We shall begin, then, by deriving a common denominator from some of the most contradictory opinions that Poe has aroused among minds of indisputable eminence. We will venture into the discrepancies and affinities of the Romantic period, and become acquainted with the metaphysical imperatives of the time through the most influential theories, theodicies and doctrines, either pseudo-scientific or quasi-religious. Observing how the leading authors dealt with the cardinal malaises of the age will allow us to reflect on the collapse of an intellectual scheme that purveyed cohesion and sanity to Western thought, for over 2,000 years. As will become evident, the trauma of the era emerges from the historical struggle between spirit and matter, and Poe’s work, from youth to maturity, is inevitably subject to the transactions between one and another. We will ask ourselves how far the god of Poe and his contemporaries was from being a unified god, and if the philosophical attempt to unify him ended up in even greater fragmentation. Poe’s burlesque compositions will be read alongside some of the most widely spread ideas in the medical, pedagogical and journalistic literature of his milieu, prompting our acquaintance with the theoretical and rhetorical resources that Poe drew upon to blow up the presuppositions of rationalism and pragmatism. An intellectual archaeology of the ← 3 | 4 → romantic heroine will allow us to trace her from a divine origin in the Sumerian past, through her subsequent conversion to Christianity and her influential role in the medieval and Renaissance courts of Europe, down to her decline and enslavement during the neoclassical period. We shall see her die in the works of prominent authors of Europe and America, to be reborn in a series of famous avatars in Poe’s tales and poems. Finally, a subject crucial and yet curiously underestimated in our understanding of Poe’s life and work will be discussed: his relationship with the occult. Based on verifiable sources, we will see to what extent the Masonic doctrines embedded in the pervasive fraternalism of the age constitute a key factor in the intellectual climate of the times and in the life and work of Poe, in which it is linked to warnings and fears of political, moral, metaphysical and psychological character. The result of all this is a perspective that will allow us, first, to give a comprehensive treatment to Poe’s time and works; second, to propose a convincing hypothesis explaining its literary, philosophical and esoteric cultural roots; and third, to observe the convictions of Poe, as well as the meaning of his work, on the map of world literature.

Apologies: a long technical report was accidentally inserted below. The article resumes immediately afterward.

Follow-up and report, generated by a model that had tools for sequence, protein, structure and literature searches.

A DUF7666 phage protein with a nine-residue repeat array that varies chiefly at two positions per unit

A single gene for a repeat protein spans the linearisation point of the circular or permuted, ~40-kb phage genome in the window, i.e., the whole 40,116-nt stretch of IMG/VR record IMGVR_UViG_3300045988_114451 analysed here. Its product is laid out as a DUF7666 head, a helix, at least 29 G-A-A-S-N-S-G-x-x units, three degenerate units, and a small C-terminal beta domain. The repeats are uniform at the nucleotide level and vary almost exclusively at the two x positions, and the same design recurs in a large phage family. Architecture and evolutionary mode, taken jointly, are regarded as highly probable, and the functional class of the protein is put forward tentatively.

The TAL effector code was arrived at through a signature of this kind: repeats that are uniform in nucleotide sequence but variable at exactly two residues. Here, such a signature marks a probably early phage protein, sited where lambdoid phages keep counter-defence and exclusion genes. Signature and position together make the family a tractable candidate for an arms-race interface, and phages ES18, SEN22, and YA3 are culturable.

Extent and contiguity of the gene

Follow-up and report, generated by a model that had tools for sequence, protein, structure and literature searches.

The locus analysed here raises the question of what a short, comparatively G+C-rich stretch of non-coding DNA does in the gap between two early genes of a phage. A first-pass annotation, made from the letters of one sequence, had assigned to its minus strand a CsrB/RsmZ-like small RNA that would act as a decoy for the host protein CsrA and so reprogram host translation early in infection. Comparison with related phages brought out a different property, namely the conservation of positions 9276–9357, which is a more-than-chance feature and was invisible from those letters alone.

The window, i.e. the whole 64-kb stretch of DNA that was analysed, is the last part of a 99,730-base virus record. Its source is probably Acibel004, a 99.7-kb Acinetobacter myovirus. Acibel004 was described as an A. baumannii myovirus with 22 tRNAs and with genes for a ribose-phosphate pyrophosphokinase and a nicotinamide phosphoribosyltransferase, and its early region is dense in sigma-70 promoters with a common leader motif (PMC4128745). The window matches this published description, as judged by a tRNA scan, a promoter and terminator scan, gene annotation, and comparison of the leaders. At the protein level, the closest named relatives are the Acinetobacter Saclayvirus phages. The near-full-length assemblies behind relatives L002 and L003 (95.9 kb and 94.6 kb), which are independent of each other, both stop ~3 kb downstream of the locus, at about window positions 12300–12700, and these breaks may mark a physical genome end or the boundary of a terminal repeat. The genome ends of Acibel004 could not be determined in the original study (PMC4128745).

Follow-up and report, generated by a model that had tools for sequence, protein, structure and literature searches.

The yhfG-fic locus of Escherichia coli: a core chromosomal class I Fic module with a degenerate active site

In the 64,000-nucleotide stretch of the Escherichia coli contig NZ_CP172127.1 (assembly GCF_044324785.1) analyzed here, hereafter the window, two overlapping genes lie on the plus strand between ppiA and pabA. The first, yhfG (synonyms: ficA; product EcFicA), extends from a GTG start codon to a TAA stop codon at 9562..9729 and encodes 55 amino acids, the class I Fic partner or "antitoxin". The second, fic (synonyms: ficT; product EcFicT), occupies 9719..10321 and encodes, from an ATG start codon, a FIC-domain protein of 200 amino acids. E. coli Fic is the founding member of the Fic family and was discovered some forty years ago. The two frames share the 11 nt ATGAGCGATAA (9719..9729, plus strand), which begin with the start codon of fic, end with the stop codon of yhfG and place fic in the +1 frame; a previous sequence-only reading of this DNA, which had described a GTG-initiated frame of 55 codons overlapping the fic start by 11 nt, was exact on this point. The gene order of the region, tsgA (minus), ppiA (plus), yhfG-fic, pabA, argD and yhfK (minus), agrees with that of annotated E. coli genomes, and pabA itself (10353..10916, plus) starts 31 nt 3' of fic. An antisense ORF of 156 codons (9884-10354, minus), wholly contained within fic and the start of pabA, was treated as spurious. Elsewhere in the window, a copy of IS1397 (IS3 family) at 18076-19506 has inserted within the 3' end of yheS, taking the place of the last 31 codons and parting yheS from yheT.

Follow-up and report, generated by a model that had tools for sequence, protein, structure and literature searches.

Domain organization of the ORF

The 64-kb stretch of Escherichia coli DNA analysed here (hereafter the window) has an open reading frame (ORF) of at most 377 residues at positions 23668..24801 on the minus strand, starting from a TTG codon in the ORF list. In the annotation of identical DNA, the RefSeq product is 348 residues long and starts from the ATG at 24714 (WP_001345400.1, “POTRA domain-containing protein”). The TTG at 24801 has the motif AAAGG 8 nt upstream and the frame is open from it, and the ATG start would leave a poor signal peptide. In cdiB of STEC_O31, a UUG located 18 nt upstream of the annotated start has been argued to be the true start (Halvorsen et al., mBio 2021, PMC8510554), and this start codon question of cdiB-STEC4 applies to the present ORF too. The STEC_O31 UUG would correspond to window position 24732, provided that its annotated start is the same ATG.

This book is the fruit of several years of research, and aims to provide a comprehensive view, not an exhaustive one. If some of Poe’s famous compositions are absent, as well as some issues often associated with his work, it is because the path chosen has been organic not encyclopaedic. On the other hand, today’s readers barely have time to read, and I hope they will be satisfied with the fact that many of his major works, from youth to maturity, are addressed in this volume.
‘But, if this is the case, how’, it will be asked, ‘can so much misunderstanding have arisen? Is it conceivable that a thousand profound scholars, investigating so very simple a matter for centuries, have not been able to place it in the fullest light, at least, of which it is susceptible?’ These queries, I confess, are not easily answered: – at all events a satisfactory reply to them might cost more trouble than would, if properly considered, the whole vexata quæstio to which they have reference. Nevertheless, there is little difficulty or danger in suggesting that the ‘thousand profound scholars’ may have failed, first because they were scholars, secondly because they were profound, and thirdly because they were a thousand – the impotency of the scholarship and profundity having been thus multiplied a thousand fold.
— POE, ‘The Rationale of Verse’, Southern Literary Messenger (1848)
Naturally, a book about Poe would have to begin with Poe and his meaning, but in this case it would be a mistake so I will ask the reader for a little patience. Almost every time someone sets out to talk about Poe they end up talking about themselves. In other words, it is difficult to characterize him without running the risk of being characterized by him.